Atlanta National: Celebrating 25 years

Atlanta NationalIt’s been a long time since these feet first set ground on the Atlanta National Golf Club. Back in those days it was a pile of mud and debris. Pete Dye and his son, P.B., had done the routing and had done the initial shaping of the course. It was a wet, muddy day when I visited and you had to use your imagination on some of the holes. But one thing came through loud and clear: this place was going to be special.

This year Atlanta National is celebrating its 25th anniversary. The north Fulton club was able to survive some hardships over the years. And now that the recession has somewhat abated, Atlanta National stands proud among the best in the very competitive area of high-end clubs in Atlanta. It is, indeed, special

A recent trip to Atlanta National found conditions up to their high standards and the course with just as much bite as it’s always had. When you get a chance to play Atlanta National, you’d better be able to drive the ball well or prepare to have a big number on your scorecard at the end of the round.

One thing you notice at Atlanta National is how so many people choose to walk and carry their own bags. But other than a couple of holes — the worst being the fifth fairway known to some at Mount Everest — the course is very walkable. More than half the rounds recorded at Atlanta National were by walkers. This is particularly popular on weekend mornings.

The course plays much tougher than its 6,942 yards from the back tees. The burgundy tees play 6,460 and the blues are 5,917. Our group played the burgundy tees, but next I’d probably move up a set and play the blues.

My three favorite holes at Atlanta National are:

No. 16 — A short par 4 that leaves the player options from the tee box. Playing only 287 from the middle tees, the hole is drivable by a long hitter, or open with a big fairway on the right side. Those who go for it must thread a small gap over a gaping fairway waste area and through a couple of bunkers. Those who go long risk flying into the creek.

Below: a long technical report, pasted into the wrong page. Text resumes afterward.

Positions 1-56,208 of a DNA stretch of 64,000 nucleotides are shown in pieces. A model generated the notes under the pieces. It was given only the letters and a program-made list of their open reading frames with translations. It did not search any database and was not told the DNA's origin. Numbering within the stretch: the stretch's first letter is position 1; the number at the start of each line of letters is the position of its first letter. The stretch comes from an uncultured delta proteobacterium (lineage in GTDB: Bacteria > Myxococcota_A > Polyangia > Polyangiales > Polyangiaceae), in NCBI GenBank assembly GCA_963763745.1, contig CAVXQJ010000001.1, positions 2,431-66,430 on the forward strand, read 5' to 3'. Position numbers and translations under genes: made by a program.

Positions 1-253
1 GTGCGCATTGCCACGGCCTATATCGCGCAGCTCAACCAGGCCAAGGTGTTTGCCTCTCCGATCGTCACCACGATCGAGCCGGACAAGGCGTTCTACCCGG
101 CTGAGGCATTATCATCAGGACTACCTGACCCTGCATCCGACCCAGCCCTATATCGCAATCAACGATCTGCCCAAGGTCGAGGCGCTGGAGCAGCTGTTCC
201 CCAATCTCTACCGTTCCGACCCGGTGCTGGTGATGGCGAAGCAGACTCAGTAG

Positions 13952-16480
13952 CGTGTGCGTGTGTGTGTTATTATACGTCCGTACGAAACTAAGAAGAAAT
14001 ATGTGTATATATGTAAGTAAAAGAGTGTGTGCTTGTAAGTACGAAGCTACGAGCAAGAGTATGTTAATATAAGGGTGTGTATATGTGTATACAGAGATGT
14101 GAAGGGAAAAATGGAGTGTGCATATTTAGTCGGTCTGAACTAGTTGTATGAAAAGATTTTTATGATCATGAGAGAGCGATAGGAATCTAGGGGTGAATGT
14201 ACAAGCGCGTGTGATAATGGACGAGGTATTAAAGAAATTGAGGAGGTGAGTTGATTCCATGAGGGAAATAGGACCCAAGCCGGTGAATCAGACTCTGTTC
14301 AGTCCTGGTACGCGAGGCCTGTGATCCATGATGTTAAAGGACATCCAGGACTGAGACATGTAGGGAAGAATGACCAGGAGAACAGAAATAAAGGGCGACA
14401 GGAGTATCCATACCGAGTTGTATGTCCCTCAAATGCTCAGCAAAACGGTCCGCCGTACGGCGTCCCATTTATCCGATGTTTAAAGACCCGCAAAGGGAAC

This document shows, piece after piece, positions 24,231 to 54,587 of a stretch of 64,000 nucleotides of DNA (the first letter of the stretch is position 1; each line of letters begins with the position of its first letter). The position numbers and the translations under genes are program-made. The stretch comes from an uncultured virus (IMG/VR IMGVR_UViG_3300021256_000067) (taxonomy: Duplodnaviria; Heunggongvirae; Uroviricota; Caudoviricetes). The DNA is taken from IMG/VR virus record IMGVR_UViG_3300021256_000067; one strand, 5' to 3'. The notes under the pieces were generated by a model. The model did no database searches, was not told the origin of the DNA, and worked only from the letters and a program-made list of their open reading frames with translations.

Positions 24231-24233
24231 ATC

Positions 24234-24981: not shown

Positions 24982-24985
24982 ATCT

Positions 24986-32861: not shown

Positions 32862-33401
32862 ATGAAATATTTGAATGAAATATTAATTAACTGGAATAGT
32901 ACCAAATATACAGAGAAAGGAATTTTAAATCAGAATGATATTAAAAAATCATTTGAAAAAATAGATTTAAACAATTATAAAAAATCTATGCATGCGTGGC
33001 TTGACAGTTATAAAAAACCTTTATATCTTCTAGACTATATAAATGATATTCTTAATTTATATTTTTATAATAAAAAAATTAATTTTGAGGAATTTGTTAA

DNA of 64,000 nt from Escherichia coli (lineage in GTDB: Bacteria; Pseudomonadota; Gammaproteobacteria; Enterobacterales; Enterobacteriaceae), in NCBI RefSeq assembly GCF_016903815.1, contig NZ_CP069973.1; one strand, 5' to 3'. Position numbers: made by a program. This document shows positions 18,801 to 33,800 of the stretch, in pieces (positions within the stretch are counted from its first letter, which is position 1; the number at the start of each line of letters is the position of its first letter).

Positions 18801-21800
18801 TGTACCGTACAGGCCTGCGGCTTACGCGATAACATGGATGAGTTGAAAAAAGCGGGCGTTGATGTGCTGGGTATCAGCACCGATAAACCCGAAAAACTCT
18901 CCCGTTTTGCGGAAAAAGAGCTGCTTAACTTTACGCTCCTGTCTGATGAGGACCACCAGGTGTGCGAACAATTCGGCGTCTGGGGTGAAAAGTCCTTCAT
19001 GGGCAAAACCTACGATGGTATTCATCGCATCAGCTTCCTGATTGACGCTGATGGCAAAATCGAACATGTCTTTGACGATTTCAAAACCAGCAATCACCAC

No. 9 — A three-shot par 5 for most because of the water that cuts in front of the green. This would be an awesome finishing hole, if the course didn’t already have a great 18th hole. Which brings us to …

No. 18 — A long, long, long par 4 that requires a drive that must top a hill. The right side of the fairway is guarded by a long waste area, which almost means a sure bogey. The green just sort of sits there and tempts you. Make a par here and the wings in the men’s grill will taste a lot better.

There are four good par 3s on the course. Egad, they aren’t all 200 yards long, either. But the shortest, the 128-yard sixth hole, is a deceptive monster. And when the hole location is on the left side, it brings a gaping trap into play. The 188-yard 12th hole requires a full carry over water and the 149-yard 17th hole is an island green.

 

About the Author

sawtrey
Hello and Welcome to The Georgia Golfer I'm Stan Awtrey, the writer and administrator for this site. I love to watch and play, although my 19 handicap index would indicate that I'm better at watching. I've played more than 200 different courses over the years, including Augusta National (twice).

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